Friend/neighbor/checkout person in Kroger: I gave my dog a rawhide chew 2 months ago, and last week she threw up on the bathroom rug. Then this morning my other dog's ears were droopy. What do you think caused that?

Me: (Insert scientific name of whatever I happen to remember from our most recent parasitology class, bonus points for me if it actually causes vomiting). It's most common in pigs, but you never know. Have your dogs been raised with pigs?

They then start fretting over the long, scary name I've just introduced. Never mind that neither one of us really knows much about the parasite, and the "problem" is most likely not parasitic. I sometimes forget that I actually have a certain amount of credibility now, and there are some responsibilities that go along with that.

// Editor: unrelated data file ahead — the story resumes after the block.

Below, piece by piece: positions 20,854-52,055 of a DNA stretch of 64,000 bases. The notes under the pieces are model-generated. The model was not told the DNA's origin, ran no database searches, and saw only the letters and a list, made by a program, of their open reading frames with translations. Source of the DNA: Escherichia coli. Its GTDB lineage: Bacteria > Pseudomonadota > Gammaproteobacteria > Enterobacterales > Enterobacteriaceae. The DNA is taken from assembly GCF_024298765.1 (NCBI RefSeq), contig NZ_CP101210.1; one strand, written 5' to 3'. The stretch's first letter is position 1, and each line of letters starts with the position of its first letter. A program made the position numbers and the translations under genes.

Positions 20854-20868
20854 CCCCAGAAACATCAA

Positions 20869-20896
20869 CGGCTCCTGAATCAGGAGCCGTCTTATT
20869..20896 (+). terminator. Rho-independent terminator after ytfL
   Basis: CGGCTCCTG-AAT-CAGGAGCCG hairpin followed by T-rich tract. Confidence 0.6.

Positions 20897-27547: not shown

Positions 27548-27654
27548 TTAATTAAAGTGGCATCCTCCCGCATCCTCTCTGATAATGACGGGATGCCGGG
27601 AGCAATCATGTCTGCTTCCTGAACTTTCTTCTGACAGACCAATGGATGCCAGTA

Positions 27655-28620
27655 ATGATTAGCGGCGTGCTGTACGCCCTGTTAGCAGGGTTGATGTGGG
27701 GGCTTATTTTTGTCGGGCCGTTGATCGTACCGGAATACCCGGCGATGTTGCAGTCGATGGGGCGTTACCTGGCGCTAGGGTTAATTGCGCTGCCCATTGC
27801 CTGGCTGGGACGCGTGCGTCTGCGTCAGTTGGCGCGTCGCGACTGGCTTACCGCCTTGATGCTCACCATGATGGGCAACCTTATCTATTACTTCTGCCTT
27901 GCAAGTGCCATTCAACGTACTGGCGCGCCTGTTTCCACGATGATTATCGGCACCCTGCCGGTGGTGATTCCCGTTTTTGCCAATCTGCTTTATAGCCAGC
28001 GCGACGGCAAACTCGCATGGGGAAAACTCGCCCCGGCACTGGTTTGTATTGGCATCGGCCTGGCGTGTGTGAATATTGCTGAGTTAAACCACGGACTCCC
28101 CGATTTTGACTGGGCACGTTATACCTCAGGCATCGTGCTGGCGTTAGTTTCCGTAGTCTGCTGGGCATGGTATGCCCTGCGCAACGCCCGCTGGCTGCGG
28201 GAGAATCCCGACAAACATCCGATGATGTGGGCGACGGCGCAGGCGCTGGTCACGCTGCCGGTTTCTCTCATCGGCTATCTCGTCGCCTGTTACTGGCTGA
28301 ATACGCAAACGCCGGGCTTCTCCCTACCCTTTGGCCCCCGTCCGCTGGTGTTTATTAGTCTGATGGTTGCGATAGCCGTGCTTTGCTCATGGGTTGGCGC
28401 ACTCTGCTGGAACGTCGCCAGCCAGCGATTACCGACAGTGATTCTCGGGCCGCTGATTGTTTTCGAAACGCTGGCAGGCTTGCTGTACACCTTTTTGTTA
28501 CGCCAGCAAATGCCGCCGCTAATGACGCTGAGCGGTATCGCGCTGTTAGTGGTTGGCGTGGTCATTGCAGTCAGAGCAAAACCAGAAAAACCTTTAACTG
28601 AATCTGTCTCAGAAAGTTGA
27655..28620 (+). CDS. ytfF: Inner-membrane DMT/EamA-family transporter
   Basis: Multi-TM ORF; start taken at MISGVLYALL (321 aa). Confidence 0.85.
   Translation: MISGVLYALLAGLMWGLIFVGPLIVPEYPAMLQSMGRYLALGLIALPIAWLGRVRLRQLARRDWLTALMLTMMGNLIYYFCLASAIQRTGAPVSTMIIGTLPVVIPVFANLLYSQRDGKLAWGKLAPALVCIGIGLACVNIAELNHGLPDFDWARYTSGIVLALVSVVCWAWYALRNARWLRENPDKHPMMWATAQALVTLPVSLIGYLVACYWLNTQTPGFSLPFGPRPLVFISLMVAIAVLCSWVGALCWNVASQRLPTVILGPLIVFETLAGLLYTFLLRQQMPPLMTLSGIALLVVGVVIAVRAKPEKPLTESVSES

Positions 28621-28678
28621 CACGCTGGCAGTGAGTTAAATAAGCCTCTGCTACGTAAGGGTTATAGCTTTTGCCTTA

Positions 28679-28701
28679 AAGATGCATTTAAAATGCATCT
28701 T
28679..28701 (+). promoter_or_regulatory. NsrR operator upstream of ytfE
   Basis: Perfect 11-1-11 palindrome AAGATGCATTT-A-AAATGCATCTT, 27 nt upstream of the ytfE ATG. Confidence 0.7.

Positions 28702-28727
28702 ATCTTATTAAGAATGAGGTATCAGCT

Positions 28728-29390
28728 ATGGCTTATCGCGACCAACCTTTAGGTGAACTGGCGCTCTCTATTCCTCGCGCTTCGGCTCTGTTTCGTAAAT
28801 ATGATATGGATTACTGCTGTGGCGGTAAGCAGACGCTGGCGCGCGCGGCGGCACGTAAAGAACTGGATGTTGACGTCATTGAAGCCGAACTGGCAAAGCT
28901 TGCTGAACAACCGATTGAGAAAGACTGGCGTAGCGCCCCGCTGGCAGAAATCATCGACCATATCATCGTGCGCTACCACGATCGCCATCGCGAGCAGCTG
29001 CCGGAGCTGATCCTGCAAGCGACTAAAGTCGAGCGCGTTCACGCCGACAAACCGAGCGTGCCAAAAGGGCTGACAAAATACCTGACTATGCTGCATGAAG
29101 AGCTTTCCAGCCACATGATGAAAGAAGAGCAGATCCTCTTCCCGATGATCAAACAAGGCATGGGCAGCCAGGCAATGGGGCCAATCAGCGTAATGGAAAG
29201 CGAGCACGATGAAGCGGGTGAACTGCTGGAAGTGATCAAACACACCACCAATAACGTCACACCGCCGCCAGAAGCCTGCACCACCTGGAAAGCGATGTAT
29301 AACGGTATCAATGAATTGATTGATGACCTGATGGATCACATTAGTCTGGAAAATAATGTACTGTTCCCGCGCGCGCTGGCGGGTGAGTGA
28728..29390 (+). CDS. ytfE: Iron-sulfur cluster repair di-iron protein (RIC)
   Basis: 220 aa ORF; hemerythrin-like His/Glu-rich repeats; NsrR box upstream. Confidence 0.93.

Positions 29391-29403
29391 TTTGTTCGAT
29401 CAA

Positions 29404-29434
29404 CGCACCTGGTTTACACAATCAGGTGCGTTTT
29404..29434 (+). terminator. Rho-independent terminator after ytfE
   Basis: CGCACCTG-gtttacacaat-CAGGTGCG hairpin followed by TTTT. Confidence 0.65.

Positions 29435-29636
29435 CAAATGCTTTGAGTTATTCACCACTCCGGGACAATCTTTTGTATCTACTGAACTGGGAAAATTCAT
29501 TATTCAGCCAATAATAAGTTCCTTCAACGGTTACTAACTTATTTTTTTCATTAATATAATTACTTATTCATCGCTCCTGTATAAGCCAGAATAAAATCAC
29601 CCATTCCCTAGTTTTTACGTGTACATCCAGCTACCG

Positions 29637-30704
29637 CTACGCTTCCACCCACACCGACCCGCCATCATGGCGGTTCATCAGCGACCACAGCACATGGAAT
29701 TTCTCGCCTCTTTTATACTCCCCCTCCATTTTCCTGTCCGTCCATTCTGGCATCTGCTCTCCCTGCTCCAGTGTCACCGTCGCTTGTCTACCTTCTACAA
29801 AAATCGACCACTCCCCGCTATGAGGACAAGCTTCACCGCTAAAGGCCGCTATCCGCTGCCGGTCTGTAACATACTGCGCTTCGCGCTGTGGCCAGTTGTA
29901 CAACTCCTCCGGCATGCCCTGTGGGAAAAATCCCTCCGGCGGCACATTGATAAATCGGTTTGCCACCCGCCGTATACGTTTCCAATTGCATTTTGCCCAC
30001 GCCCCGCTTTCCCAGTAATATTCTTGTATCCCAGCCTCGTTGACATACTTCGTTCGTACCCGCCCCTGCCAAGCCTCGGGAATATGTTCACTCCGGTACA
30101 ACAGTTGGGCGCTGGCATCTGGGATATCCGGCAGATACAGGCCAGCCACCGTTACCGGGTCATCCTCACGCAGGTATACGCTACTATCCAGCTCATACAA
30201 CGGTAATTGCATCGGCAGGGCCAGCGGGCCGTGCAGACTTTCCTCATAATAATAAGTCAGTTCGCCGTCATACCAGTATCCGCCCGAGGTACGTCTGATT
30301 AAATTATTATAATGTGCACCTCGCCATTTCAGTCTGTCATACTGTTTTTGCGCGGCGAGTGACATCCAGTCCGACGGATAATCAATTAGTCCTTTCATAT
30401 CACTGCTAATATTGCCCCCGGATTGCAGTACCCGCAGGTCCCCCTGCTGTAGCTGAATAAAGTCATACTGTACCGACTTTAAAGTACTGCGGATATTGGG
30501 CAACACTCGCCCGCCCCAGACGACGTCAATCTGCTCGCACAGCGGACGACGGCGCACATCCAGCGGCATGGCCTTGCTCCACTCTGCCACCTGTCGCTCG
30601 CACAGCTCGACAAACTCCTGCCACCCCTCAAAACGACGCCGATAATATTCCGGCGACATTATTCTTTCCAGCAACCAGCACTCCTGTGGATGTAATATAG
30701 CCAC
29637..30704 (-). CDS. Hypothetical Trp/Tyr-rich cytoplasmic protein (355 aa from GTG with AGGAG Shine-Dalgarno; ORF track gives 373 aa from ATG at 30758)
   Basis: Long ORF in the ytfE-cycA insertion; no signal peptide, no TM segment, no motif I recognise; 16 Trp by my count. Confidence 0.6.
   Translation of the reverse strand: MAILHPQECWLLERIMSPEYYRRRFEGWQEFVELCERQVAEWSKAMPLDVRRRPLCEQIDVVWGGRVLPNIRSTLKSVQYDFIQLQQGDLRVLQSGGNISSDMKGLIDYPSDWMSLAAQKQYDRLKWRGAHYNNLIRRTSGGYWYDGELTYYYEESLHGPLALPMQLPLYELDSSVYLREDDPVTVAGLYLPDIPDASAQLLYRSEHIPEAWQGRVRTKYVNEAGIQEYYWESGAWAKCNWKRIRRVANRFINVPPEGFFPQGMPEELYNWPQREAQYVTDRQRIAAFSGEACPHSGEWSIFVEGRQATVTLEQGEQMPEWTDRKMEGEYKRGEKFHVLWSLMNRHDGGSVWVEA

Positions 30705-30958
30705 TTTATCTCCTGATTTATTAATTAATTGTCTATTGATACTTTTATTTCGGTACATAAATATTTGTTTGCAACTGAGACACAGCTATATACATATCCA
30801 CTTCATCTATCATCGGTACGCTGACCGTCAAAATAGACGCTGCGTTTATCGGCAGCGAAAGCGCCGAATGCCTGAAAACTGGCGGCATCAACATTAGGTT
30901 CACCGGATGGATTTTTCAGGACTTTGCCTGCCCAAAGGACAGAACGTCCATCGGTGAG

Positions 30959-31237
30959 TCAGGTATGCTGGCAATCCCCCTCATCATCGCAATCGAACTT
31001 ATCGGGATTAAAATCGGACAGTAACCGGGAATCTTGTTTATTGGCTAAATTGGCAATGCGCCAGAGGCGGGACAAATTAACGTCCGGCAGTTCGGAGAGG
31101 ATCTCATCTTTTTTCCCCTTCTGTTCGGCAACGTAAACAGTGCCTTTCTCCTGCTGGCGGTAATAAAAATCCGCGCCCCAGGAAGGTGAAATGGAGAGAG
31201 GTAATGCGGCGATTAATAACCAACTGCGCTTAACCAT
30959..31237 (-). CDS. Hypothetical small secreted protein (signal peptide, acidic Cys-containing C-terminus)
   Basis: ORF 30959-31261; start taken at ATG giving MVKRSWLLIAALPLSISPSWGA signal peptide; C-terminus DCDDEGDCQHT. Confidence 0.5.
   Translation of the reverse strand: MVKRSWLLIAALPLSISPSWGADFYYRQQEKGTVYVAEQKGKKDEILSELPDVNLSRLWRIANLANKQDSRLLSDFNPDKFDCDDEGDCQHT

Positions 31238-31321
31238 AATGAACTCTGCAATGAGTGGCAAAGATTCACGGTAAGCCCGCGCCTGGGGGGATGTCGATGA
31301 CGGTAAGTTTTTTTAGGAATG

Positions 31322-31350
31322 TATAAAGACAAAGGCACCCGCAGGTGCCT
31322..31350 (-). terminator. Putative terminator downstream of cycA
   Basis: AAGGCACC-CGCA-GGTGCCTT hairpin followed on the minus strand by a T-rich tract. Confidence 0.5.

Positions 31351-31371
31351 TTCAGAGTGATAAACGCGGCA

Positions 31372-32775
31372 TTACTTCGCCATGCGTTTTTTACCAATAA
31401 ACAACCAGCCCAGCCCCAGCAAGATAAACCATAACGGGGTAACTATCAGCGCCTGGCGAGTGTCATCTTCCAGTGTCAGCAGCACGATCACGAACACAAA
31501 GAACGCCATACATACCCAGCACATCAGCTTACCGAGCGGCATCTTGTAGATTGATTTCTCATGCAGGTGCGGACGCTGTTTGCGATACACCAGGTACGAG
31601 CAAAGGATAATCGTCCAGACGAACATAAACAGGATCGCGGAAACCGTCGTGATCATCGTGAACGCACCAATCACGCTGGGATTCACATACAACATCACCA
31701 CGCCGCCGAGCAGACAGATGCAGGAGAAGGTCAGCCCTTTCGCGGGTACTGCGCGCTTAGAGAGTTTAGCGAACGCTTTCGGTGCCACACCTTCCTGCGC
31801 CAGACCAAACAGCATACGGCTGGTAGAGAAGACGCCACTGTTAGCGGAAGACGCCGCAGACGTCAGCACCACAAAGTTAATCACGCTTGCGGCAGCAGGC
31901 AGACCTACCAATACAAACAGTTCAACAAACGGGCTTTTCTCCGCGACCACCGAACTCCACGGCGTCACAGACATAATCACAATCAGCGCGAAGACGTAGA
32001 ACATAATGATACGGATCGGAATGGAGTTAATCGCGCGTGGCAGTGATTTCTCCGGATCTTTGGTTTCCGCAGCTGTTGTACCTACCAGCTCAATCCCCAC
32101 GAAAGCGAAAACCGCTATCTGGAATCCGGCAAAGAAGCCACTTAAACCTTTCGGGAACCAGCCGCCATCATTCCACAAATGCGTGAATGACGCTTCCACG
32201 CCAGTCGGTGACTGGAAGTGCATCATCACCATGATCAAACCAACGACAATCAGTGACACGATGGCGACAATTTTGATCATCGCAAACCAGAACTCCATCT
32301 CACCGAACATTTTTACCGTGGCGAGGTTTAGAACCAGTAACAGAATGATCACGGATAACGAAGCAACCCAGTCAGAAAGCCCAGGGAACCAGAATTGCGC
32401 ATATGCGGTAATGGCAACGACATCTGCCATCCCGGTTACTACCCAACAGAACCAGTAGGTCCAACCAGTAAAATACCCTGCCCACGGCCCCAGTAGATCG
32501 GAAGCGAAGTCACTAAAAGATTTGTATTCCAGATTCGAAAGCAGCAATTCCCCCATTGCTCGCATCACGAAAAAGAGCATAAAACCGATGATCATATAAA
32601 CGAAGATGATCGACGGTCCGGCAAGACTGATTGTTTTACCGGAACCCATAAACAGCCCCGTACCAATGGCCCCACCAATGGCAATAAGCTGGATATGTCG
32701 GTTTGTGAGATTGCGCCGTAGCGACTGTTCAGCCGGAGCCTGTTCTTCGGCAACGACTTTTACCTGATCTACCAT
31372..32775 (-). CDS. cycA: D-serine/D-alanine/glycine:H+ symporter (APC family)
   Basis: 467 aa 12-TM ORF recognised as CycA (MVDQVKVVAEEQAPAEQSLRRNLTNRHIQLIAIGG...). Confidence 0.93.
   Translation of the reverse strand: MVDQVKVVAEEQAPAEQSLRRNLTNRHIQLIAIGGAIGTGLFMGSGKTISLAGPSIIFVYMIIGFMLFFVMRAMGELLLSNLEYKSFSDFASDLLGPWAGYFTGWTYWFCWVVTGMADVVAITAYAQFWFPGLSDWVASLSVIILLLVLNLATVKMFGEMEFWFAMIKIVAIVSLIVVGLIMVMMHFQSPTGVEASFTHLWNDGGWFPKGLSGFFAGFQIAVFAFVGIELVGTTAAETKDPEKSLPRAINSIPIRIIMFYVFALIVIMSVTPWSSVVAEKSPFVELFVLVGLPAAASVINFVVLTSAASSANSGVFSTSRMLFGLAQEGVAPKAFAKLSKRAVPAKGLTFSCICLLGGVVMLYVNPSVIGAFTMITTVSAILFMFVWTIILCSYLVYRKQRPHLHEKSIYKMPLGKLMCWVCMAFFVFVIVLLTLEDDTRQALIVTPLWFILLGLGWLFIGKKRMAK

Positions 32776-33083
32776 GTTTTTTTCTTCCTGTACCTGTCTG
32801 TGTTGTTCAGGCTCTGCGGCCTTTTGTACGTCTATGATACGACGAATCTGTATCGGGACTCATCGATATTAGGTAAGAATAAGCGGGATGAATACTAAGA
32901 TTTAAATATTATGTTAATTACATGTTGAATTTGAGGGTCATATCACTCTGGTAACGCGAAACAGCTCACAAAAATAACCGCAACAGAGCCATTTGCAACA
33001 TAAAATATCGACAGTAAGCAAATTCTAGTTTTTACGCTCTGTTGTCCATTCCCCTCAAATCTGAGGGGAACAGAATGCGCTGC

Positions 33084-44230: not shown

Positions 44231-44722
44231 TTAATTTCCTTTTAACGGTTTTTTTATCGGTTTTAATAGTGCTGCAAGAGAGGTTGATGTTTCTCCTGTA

On the other hand, I've gotten used to people ignoring my advice, so maybe I'm not fully to blame for my sociopathic conversational tendencies. I was recently approached for advice about a horse that I had been asked about 3 years ago when I was a lowly vet tech. At that time all signs and use history pointed to a hock-sore horse. He belongs to a friend of mine who used to rope calves with him, now his girlfriend is using him for a barrel horse. I asked if the owner had ever gotten his hocks checked out like we had discussed years earlier, only to be told that he hadn't because he didn't think that hock injection was safe. In spite of numerous conversations with my friend, this was the first I'd heard of his misgivings about joint injection. He had sought my advice, ignored it completely, and now they were asking me again...after having tried various voodoo methods to treat the signs of soreness that the horse has. I adore and respect these friends, and I always will, but I'd like to see them run in a track meet every weekend with a broken ankle, while offering them treatment for their sore muscles. Ok, it's a weak analogy, but seriously, treat the cause of the symptoms and you can stop treating the symptoms! And, if you seek advice but are uncomfortable with the recommendation, let me know what you're unsure about so I can at least try to justify my suggestion!